Costs and Investment
The costs of such an Infrastructure can vary, depending on the hardware and future strategy. Separate compute and storage nodes have been proven in the past, and should be used in future, too. The benefits outweigh the limitations, mostly end up in having move bare metal servers than in a high packed (compute and storage in one server) environment. Additionally, a more stretched environment
helps to balance peaks and high usage better than packed servers. A typical setup would have 2 controller nodes (for HA reasons), a decent count on compute nodes (high memory and CPU count) and several storage nodes (1 CPU, 8 or 16GB RAM and plenty JBOD (just a bunch of disks)). Those storage nodes should have 2 LVM’s (or raids, if that feels better) to avoid later conflicts with production and development / staging / QA buildouts.

Technology
Hadoop itself has some limitations, especially in Hyper-Converged Infrastructures, given by the demand on data locality for batch processes (MapReduce). In a typical cloud environment, like Sahara is providing in Openstack, the storage area is virtualized, and all data is transferred over the network stack. This can be avoided by using VM images for a persistent Hadoop cluster, as a production one mostly is. The data storage (HDFS) will then be provided within the VM and can be extended by mounting additional volumes to the VM (partitions for the data nodes, for example). In both implementations, Cloud based by Sahara and VM, the use of HDFS caching [6] is recommended. This will dramatically speed up the platform for analytical workloads by using columnar based storage formats like Parquet or Kudu [7], together with Hive on Spark [8]. To identify bottlenecks analyzer like Dr. Elephant [9] are very useful and recommended.

Hadoop on demand provides much more flexibility as a static cluster has, especially in terms of load peaks, dynamical resource allocation and cost efficiency. But there are some points to consider. The first and most important one is the separation of block storage and computing. Hadoop itself works with different other distributed filesystems, like ceph [10], but those often rely on Hadoop 1 (MRv1) and Yarn and MRv2 aren’t supported (yet).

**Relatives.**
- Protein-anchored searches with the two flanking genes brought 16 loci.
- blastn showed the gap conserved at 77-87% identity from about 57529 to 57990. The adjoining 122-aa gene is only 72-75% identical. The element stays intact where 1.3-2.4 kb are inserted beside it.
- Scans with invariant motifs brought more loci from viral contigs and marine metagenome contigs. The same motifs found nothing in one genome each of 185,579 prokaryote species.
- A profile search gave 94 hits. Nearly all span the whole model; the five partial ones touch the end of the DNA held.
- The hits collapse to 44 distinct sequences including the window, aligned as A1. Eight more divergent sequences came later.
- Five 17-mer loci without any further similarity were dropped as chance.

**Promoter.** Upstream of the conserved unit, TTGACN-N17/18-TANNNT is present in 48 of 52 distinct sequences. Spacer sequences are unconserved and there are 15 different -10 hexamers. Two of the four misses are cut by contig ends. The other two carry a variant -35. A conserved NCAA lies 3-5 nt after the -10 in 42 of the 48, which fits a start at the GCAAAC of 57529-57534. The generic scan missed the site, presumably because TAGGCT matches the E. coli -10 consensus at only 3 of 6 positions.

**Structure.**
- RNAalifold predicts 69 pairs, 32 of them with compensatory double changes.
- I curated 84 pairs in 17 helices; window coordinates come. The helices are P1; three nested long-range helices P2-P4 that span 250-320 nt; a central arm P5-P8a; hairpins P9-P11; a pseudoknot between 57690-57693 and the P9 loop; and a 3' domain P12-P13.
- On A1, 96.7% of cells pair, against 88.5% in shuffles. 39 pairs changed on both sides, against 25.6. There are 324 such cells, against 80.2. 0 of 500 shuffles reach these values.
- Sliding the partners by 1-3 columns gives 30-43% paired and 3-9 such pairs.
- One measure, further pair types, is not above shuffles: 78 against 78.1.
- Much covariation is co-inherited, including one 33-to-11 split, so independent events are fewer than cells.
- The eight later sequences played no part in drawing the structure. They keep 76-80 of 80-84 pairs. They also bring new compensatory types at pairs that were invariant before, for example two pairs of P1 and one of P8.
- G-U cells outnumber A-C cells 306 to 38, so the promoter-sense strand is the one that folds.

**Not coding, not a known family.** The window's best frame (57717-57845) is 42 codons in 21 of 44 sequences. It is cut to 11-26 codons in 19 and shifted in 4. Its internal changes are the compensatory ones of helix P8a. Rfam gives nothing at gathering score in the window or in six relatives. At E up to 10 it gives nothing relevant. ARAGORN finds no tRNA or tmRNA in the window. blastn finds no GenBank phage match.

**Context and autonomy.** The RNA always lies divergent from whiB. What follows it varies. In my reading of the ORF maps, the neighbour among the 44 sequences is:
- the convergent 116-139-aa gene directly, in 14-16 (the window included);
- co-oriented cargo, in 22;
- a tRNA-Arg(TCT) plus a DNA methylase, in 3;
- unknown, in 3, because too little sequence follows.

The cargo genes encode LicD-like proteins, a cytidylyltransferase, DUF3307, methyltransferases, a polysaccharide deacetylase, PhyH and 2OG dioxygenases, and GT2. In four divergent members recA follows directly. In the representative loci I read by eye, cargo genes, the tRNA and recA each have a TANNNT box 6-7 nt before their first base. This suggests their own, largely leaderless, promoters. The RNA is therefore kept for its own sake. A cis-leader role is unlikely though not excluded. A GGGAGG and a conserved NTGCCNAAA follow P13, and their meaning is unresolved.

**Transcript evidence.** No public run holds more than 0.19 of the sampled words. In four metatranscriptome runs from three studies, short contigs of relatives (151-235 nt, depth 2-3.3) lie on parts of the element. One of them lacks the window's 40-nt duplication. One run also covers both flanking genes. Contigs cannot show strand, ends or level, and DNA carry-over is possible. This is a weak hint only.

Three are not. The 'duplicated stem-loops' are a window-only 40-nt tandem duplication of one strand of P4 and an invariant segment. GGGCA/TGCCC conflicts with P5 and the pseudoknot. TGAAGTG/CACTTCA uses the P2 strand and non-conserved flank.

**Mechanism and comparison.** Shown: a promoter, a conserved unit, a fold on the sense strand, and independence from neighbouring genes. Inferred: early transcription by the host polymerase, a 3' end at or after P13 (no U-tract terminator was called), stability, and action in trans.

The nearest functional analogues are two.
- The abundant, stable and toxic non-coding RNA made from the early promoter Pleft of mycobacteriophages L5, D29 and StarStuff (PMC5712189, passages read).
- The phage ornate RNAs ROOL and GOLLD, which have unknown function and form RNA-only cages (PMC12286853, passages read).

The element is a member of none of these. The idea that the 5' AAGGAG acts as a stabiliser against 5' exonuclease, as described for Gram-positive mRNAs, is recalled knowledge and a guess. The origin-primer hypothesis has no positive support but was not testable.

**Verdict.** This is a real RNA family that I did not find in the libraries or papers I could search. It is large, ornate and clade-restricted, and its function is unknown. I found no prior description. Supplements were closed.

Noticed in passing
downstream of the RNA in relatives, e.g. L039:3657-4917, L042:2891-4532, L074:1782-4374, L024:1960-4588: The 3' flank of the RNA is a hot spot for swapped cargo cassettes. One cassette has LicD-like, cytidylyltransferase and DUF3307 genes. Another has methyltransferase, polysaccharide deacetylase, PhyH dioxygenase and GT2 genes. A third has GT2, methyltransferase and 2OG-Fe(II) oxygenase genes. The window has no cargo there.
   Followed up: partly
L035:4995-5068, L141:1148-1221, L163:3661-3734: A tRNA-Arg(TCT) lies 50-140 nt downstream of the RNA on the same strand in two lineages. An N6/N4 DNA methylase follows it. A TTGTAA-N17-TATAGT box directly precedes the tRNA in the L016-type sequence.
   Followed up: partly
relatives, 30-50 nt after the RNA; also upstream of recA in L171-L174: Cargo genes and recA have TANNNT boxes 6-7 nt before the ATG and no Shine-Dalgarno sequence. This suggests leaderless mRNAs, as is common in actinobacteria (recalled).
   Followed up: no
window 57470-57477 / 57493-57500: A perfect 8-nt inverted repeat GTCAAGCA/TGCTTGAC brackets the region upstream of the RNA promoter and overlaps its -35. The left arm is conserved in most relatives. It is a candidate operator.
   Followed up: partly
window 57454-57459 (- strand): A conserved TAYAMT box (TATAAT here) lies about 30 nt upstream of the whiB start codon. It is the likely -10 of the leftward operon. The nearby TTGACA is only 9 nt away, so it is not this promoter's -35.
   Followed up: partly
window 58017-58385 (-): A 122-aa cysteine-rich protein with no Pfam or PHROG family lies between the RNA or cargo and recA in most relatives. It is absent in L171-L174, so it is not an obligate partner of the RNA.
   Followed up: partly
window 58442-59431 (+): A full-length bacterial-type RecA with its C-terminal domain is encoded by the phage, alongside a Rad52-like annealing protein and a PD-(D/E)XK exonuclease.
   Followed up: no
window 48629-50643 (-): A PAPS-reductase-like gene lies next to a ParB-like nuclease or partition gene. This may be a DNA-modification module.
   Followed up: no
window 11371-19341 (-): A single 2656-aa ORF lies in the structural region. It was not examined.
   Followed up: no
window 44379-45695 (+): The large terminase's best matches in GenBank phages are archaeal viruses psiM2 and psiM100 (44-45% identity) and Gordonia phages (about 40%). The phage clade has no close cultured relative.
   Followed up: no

The best solution here is to use the standard HDFS layer over cinder [11], which provides good performance with reliability and decent IOpS. The second, and also important one is the network layer. Every compute and storage node should have at least bonded 1GB uplinks, 10G are better (but more expensive). The network needs to be separated into front- and backend. The front-end link provides accessibility to the services the cluster provides to its users, and the back-end provides inter-cluster-communication only. As a third point the use of in-memory filesystems like Alluxio [12] (former Tachyon) may be considered, especially for research clusters, like Genome calculation or NRT applications with high ingestion rates of small data points, like IoT devices typically do.
With these points in mind, streaming based applications getting the most out of this approach, given by the high flexibility and the availability to deal with large load peaks by adding computing resources dynamically. 

Conclusion
Using Hyper-Converged Infrastructures in the world of BigData tools is trending now and proves the success of the private cloud idea. Large companies like LinkedIN, Google, Facebook are on this road since years, and the success outweighs the implementation and maintenance considerations.

List of tools used in this article
Openstack:
Sahara:

Saltstack - Openstack:

Links and References:

Tuesday, May 10, 2016

SolR, NiFi, Twitter and CDH 5.7